Google Chrome vs Mozilla Firefox: Which Browser Is Actually Best?

Google Chrome vs Mozilla Firefox: Which Browser Is Actually Best?

Google Chrome and Mozilla Firefox are brilliant browsers – they’re both fast, responsive and, even though they’re based on two different platforms (Chromium and Gecko), they’re both super easy to pick up – so when you’re considering which one you should use, you don’t really need to learn any new tricks.

So how about we put them against each other – which is the best browser?

Chrome vs Firefox: Privacy

Let’s start with arguably the most important point – privacy. As highlighted by Private Internet Access, both browsers offer DNS over HTTPS and malicious website flagging, however, Google Chrome doesn’t automatically block third-party tracking cookies, hidden crypto-mining scripts, and social trackers, whereas Firefox does. Additionally, both browsers offer a private browsing mode, however, this is largely a moot point – it really only puts a pause on recording your webpage and cookie history across both browsers. Your employer and ISP may still see what sites you’re visiting, and if this is a concern for you, consider a VPN.

Google Chrome vs Firefox: Firefox is by far the winner when it comes to privacy.

Chrome vs Firefox: Performance

Google Chrome is notorious for being an absolute resource hog, pulling more RAM from your computer than what many may consider necessary, but recent changes have actually led to Chrome being much faster than its rivals. According to ExpressVPN, Firefox is much more resource intensive under the exact same conditions than Chrome, requiring more RAM from the user. Additionally, as pointed out by Cloudwards, Chrome is faster than Mozilla’s browser and less memory-hungry.

Google Chrome vs Firefox: Although it may surprise you, Chrome is faster and less resource-intensive than Firefox.

Chrome vs Firefox: Customisation

Moving on to a slightly more lightweight focus, let’s talk about customising both browsers. Both browsers offer the basics of changing browser colours and themes, but also have extensive theme stores if you want to really flesh out the aesthetics – here’s the themes page for Firefox, and the themes page for Chrome. Chrome’s theme store includes new homepage looks for when you open a new tab, while Firefox doesn’t. You can also change the font in both browsers, along with the text size.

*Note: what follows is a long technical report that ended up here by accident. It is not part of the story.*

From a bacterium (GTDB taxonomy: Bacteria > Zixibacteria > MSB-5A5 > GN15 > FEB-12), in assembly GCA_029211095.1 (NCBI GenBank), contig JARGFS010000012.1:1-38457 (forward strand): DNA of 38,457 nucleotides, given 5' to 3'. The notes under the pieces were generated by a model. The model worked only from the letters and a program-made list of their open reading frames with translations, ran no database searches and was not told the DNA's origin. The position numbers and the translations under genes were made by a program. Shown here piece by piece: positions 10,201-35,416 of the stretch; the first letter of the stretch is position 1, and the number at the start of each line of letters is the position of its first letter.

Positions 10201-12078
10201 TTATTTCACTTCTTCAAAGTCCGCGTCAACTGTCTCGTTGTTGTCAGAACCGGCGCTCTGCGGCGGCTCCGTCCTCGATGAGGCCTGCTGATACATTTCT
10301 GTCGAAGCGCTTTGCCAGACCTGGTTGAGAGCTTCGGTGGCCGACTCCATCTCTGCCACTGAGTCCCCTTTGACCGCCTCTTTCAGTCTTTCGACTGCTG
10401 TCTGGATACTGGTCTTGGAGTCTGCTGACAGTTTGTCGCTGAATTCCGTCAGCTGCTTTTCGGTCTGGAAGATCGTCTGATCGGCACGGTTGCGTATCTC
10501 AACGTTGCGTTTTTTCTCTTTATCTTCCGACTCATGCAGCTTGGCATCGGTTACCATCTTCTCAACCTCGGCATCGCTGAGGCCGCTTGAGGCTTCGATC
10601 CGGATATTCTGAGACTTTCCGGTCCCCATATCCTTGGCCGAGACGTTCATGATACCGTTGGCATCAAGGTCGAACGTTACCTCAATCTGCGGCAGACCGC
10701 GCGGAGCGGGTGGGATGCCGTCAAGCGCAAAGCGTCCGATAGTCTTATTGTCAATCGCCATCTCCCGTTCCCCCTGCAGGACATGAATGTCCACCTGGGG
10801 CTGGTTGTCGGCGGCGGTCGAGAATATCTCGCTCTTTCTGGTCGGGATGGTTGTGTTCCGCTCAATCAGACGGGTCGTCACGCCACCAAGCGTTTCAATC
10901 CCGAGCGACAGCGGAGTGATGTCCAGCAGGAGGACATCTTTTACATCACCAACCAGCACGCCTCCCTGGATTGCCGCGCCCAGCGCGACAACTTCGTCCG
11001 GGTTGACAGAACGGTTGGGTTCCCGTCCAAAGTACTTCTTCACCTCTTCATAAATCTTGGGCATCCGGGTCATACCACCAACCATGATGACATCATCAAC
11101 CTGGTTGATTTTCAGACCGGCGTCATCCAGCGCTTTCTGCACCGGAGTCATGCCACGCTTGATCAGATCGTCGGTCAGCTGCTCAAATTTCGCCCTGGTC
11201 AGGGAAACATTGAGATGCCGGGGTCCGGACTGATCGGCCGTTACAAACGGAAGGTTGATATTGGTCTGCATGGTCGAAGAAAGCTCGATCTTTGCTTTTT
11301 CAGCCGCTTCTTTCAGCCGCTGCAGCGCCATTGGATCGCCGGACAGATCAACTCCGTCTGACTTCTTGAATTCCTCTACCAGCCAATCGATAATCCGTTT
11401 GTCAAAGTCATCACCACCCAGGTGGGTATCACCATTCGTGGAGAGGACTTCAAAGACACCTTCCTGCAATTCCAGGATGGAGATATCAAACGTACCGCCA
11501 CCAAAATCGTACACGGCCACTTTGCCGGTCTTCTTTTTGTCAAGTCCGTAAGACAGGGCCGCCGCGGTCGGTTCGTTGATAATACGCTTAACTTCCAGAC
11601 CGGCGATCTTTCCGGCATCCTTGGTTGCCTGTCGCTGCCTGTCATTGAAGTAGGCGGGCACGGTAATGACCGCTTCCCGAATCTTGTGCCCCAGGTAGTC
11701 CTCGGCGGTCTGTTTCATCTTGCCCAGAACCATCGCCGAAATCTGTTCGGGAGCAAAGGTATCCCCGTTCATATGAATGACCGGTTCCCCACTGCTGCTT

Google Chrome vs Firefox: There’s no clear winner here, as both browsers offer similar levels of customisation.

Chrome vs Firefox: Extensions and compatibility

Let’s round off with extensions and compatibility. Both browsers offer thousands of extensions developed by users and the actual browser makers, available through official pages on the Mozilla and Google webpages. In terms of compatibility, however, things get a bit murky; depending on the extensions you want to use, you may find that they’re only available on one browser or the other. Additionally, you may find that some web apps only work with one browser over the other – personally, I’ve found this to be rare, but the odd website still recommends using Chrome for some features, or won’t work unless you’re using a Chromium-based browser (like Chrome, Opera, or Microsoft Edge). Both Google and Mozilla browsers also offer history and bookmark syncing between desktop and mobile versions, but naturally, Chrome offers greater integration with the rest of the Google suite of web apps.

Google Chrome vs Firefox: Depending on what extensions you need, the browsers tie, but in terms of compatibility, Chrome often has the advantage.

The verdict

As someone who uses the browsers interchangeably, often using one for work and one for personal use, there is no clear winner here – it truly comes down to your personal preference. If privacy is your main concern, you should then consider Mozilla Firefox, but if you’re a fan of the Google ecosystem and want greater performance with less stress on your RAM, then you may want to consider Chrome.

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